Chief Earl Old Person is the leader of the Blackfeet nation and spoke at the ceremony. Standing before the crowd wearing his magnificent eagle feather headdress, Chief Earl said, “Our ancestors have always struggled to survive,” but added that people like Fr. Ed and the community of Little Flower make him optimistic about the future of his Nation.

Fr. Kohler gives witness to the transformative power of faith. He gathers his people and nourishes hungry hearts, convincing them to believe in themselves and hope in God.

Little Flower Parish Gym

Consequently, this parish community can be proud of so much. It has robust youth groups; an academically successful Catholic school (grades 4-8) that is the “passport” from poverty to a better future for scores of native children; and a nationally renowned spiritual retreat movement, which has helped thousands of adults free themselves from destructive behavior and addiction .

But back to the scene last week: imagine hundreds of people gathered to celebrate. Community members, tribal leaders, parishioners, local civic leaders, the diocesan bishop (to whom the Blackfeet people have given the name, “Holy Warrior”) all packed in a crowded gymnasium, all thrilled for their beloved Fr. Ed.

Extension Team at Little Flower Parish

The community sang traditional Blackfeet songs in their native tongue, along with religious songs, such as “Amazing Grace” and “How Great Thou Art,” delivered in a Country-Cowboy style that was slow, smooth, and twangy. Later, we asked Fr. Ed how the nearly half million dollars of financial support provided by Catholic Extension’s donors has helped his ministry at Little Flower parish. He simply wept. Then he said, “Catholic Extension and its donors are really the light of Christ for us.”

We’re all hungry for good news like this. All of us need to know about the Ed Kohlers and the Little Flower parishes that are reaching amazing heights with stunningly few resources, in the face of tremendous social, economic and spiritual challenge.

– Joe Boland, Senior Director of Grants Management

Read more about our Lumen Christi Nominee and Catholic Extension.

For more on Catholic Extension’s journeys, follow Joe on Twitter.

“Can any good thing come out of Nazareth?”

Phillip replied, “Come and see.”

Fr. Jack Wall, our president at Catholic Extension, likes quoting this exchange between Nathanael and Philip from the first chapter of John’s Gospel. After three months working at Catholic Extension, I finally understand why.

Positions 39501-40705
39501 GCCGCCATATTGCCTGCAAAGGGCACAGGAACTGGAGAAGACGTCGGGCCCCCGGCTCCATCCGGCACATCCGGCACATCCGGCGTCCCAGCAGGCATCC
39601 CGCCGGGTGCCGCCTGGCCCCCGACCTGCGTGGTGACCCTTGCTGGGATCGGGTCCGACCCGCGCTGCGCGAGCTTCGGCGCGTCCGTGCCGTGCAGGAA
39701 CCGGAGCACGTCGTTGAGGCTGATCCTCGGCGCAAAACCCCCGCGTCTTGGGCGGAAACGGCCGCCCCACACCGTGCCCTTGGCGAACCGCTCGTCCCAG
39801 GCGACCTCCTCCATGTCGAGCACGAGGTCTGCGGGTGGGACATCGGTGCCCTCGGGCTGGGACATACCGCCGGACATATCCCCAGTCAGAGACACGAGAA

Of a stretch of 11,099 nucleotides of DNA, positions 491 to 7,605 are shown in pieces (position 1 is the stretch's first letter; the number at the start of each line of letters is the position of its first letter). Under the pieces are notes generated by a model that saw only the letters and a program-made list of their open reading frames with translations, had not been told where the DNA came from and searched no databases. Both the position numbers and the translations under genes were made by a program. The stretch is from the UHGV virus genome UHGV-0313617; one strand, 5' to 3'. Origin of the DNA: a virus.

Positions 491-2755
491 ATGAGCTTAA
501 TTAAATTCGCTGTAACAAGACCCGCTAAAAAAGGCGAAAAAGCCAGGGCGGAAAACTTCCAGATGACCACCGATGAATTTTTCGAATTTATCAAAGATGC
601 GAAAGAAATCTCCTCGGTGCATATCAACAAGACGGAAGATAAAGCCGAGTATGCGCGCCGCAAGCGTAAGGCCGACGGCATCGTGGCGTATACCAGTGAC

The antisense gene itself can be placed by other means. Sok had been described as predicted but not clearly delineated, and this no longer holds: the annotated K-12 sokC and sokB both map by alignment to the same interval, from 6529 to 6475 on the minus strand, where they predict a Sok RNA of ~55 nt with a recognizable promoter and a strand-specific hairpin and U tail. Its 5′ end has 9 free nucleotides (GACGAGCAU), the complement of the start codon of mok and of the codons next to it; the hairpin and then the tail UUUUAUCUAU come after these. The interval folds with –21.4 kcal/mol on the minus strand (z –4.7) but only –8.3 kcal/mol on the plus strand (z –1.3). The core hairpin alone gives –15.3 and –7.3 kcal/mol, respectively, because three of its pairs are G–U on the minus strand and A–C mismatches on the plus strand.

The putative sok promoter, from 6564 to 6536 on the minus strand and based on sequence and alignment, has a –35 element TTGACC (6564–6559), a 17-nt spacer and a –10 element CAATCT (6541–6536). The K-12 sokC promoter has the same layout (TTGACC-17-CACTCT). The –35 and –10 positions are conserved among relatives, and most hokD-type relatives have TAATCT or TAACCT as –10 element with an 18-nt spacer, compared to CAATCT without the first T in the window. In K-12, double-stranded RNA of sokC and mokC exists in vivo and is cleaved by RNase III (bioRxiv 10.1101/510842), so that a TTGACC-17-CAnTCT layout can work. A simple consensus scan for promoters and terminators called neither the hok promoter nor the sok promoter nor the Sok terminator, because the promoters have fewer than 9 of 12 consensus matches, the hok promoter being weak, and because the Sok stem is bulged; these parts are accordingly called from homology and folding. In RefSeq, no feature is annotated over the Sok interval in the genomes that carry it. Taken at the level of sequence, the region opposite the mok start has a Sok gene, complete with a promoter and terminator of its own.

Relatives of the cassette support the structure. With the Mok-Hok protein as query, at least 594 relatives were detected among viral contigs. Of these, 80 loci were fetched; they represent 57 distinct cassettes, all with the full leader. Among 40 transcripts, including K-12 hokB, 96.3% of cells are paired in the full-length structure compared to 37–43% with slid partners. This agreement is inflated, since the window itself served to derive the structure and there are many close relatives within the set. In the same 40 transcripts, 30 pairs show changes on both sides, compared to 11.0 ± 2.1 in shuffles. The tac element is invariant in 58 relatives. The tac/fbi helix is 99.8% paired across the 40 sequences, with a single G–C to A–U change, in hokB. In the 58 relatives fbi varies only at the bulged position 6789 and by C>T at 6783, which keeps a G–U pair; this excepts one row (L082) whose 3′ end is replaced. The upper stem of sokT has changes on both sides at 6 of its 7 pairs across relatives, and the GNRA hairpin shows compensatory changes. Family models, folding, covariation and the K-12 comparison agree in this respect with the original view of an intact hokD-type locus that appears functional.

Joe Boland, Senior Director of Grants Management

Being part of Catholic Extension’s mission is a distinct privilege.  We see the work of God alive in some of the most remote corners of the United States, cities and towns most have never heard of. Our mission is to strengthen the Church’s life and work in hundreds of places that, at first glance, beg the question: Can any good thing come out Elberta, Utah or Cleveland, Texas or Browning, Montana? These are places where the faith of its residents is abundant, but often the resources they have are not. In these places, live people whose hope – rooted in their love of God and each other – buffers the temptation to become overwhelmed by poverty and isolation. These are people who are committed each day to work for change and a future that reflects the richness of their giftedness and diverse strengths.

In each of these places, the Catholic Church walks alongside the people, ensuring that their faith is being nourished by their communion with God, among one other and with other Catholics around the country and the world. Catholic Extension exists to sustain, strengthen and transform the Church in every single one of these places throughout the U.S.

Frank Santoni, Regional Director of Grants Management

Catholic Extension is often referred to as the “best kept secret in the Church.”  The only thing I knew about it was that it produces calendars – the kind of calendars my grandmother may have once hung in our kitchen when I was growing up. I had no idea of Catholic Extension’s unique century-old mission which now – thanks to Fr. Jack and many others new to the cause like me – in the process of getting a major refresh and update. It has been literally out with the typewriters, in with the laptops. That’s where this blog comes in.

As part of the Grants Management team at Catholic Extension, each month Joe Boland, my Grants Management colleague, and I are privileged to lead visits by our staff to the places we serve. We go to hear stories and meet the people whose faith is transforming their lives and the lives of those around them. We go to meet the Church leaders who are dedicating their lives to inspire hope and work for change. It is their stories that compel us to renew our promise each day at Catholic Extension to help our Church grow and flourish, along with its people, in some of our country’s most forgotten corners.

At the end of the first chapter of John’s Gospel, Nathanael, having taken Philip’s advice to “come and see” meets Jesus face to face for the first time. It doesn’t take long before Nathanael proclaims that Jesus is King of Israel and the Son of God. Jesus reply to him: “You will see greater things than these.”

Our hope is to convey the stories of what we “see” in the Nazareths of our nation. And, like Nathanael, become witnesses to what God is up to in these places. To paraphrase Jesus’ response: We ain’t seen nothing yet.

– Frank Santoni, Regional Director of Grants Management

Frank & Joe will contribute on a monthly basis to the Catholic Extension blog, documenting and reflecting on the compelling stories and inspiring people Catholic Extension helps along the way.

Join us on the journey!  Follow Joe & Frank on Twitter.